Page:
However, AlphaTauri has acknowledged it would release Gasly, who is apparently wanted at Alpine, but only if it had a compelling driver such as Herta to put in the car. F1 has not had an American on the grid since Alexander Rossi in 2015, but Herta did not particularly want the FIA to make an exception to the licensing system to get him a seat.

At issue is how the FIA rates IndyCar, a series it does not govern. The points it awards to IndyCar drivers rank somewhere between F2 and F3, the two junior feeder series into F1.

IndyCar drivers have criticized the system in defense of Herta and the intense, close racing of their own highly competitive series. Herta has won seven IndyCar races, is the youngest winner in series history and has four starts in the Indianapolis 500. He qualified on the front row in 2021 and finished a career-best eighth in 2020.

Rossi, who has spent the last four seasons as Herta’s teammate at Andretti Autosport, lashed out this week because “I’m so sick and tired of this back and forth” regarding the licensing.

“The whole premise of it was to keep people from buying their way into F1 and allowing talent to be the motivating factor,” Rossi wrote on social media. “That’s great. We all agree Colton has the talent and capability to be in F1. That’s also great and he should get that opportunity if it’s offered to him. Period.

“Motorsport still remains as the most high profile sport in the world where money can outweigh talent. What is disappointing and in my opinion, the fundamental problem, is that the sporting element so often took a backseat to the business side that here had to be a method put in place in order for certain teams to stop taking drivers solely based on their financial backing.”

Rossi added those decisions “whether out of greed or necessity, is what cost Colton the opportunity to make the decision for himself as to if he wanted to alter career paths and race in F1. Not points on a license.”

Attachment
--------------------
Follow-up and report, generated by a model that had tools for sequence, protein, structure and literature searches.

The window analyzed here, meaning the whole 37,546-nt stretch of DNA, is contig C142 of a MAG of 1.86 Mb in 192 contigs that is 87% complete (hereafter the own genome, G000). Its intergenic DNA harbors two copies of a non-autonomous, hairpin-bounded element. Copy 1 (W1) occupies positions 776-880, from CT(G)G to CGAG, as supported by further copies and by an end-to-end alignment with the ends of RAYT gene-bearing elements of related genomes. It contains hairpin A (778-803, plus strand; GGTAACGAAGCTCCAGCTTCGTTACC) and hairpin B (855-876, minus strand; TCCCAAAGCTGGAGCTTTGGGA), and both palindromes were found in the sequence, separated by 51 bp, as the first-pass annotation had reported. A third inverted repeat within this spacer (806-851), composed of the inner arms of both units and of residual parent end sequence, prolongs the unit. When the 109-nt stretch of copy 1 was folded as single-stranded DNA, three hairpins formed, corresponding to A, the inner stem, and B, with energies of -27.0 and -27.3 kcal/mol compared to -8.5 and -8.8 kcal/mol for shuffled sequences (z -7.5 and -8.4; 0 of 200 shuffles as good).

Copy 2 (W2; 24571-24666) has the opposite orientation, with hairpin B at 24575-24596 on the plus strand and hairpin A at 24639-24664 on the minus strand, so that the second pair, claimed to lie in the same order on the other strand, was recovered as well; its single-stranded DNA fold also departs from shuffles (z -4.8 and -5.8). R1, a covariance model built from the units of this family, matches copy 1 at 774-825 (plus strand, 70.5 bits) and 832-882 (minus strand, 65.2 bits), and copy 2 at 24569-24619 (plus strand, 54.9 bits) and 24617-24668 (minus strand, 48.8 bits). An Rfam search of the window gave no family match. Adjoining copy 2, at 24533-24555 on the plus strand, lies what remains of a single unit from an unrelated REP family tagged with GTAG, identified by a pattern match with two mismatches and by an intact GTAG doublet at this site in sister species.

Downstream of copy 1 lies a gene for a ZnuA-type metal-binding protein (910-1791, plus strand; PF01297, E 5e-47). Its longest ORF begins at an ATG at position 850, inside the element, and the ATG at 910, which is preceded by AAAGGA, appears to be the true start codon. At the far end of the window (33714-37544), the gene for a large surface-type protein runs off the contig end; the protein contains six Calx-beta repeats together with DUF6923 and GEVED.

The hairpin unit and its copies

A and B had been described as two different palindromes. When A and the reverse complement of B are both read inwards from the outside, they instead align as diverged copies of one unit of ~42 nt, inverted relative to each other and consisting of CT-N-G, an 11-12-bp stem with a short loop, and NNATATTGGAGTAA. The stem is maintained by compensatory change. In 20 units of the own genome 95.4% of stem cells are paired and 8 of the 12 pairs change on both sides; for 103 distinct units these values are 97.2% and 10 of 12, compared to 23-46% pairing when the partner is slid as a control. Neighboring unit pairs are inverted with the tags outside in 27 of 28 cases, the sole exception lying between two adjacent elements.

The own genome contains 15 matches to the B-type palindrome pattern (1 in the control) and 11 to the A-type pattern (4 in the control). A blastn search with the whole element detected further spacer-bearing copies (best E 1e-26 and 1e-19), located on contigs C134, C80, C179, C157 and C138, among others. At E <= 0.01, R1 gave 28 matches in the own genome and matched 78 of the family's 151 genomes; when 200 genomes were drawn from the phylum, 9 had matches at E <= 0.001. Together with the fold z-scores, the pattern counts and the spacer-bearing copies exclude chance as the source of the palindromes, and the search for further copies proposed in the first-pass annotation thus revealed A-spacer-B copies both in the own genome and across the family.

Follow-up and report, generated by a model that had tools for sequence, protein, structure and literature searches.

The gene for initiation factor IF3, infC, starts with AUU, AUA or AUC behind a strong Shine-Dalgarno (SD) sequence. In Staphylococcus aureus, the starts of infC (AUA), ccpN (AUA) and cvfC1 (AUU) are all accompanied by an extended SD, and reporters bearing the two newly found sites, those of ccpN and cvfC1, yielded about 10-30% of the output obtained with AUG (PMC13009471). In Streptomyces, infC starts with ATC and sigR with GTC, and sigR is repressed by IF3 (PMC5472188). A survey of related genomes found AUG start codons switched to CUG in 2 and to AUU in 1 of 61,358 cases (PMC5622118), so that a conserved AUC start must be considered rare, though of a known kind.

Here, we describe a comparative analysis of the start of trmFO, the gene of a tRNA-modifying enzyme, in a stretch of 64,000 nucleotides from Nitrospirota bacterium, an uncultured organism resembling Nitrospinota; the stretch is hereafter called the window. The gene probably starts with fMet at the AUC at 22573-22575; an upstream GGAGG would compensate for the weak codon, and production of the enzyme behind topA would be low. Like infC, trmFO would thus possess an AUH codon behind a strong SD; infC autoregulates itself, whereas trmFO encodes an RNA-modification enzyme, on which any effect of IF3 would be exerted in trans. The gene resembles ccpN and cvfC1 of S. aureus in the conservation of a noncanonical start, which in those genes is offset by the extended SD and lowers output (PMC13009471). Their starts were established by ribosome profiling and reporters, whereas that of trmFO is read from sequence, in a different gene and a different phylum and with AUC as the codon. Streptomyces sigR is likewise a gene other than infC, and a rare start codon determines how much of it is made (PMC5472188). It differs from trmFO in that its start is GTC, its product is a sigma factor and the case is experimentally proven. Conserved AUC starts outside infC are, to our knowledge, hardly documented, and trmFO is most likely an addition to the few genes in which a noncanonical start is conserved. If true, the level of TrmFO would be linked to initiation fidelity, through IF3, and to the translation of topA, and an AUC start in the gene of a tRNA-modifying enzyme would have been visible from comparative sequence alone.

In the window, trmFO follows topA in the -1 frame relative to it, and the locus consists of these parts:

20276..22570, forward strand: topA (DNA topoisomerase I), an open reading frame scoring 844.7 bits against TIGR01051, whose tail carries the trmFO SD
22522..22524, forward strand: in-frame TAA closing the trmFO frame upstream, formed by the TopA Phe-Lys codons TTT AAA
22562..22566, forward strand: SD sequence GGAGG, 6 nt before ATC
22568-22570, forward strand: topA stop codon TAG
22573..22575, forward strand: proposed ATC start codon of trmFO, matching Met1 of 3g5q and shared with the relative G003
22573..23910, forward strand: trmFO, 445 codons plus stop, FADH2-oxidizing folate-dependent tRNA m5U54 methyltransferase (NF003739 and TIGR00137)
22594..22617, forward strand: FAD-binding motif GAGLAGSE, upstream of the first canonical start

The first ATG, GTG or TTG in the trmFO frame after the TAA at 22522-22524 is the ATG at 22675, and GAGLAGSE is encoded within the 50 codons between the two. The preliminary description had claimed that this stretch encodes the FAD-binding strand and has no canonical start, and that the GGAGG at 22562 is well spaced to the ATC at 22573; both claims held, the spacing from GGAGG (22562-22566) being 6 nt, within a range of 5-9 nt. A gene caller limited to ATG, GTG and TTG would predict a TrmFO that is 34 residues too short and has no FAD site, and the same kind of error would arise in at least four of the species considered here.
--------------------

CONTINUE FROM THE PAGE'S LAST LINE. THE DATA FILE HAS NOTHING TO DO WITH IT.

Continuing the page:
The system favors drivers who compete in FIA-sanctioned series. For example, Linus Lundqvist earned his Super License by winning the Indy Lights championship.

Lundqvist’s required points come via the 15 he earned for the Lights title, 10 points for finishing third in Lights last year and his 2020 victory in the FIA-governed Formula Regional Americas Championship, which earned him 18 points.

That gave the 23-year-old Swede a total of 43 points, three more than needed for the license.

Herta, meanwhile, ended the IndyCar season with 32 points. He can still earn a Super License by picking up one point for any free practice sessions he runs this year; McLaren holds his F1 rights and could put him in a car. Herta could also potentially run in an FIA-sanctioned winter series to pick up some points.

Michael Andretti, who has petitioned the FIA to expand its grid to add two cars for him to launch a team, said he never bothered to explore potential replacements for Herta on the IndyCar team because he was confident the Super License request would be rejected.

Andretti has been met by severe resistance from existing F1 teams and even F1 itself in his hope to add an 11th team. Andretti could still get on the grid by purchasing an existing team and he’d like to build his program around Herta, who is under contract in IndyCar to Andretti through 2023.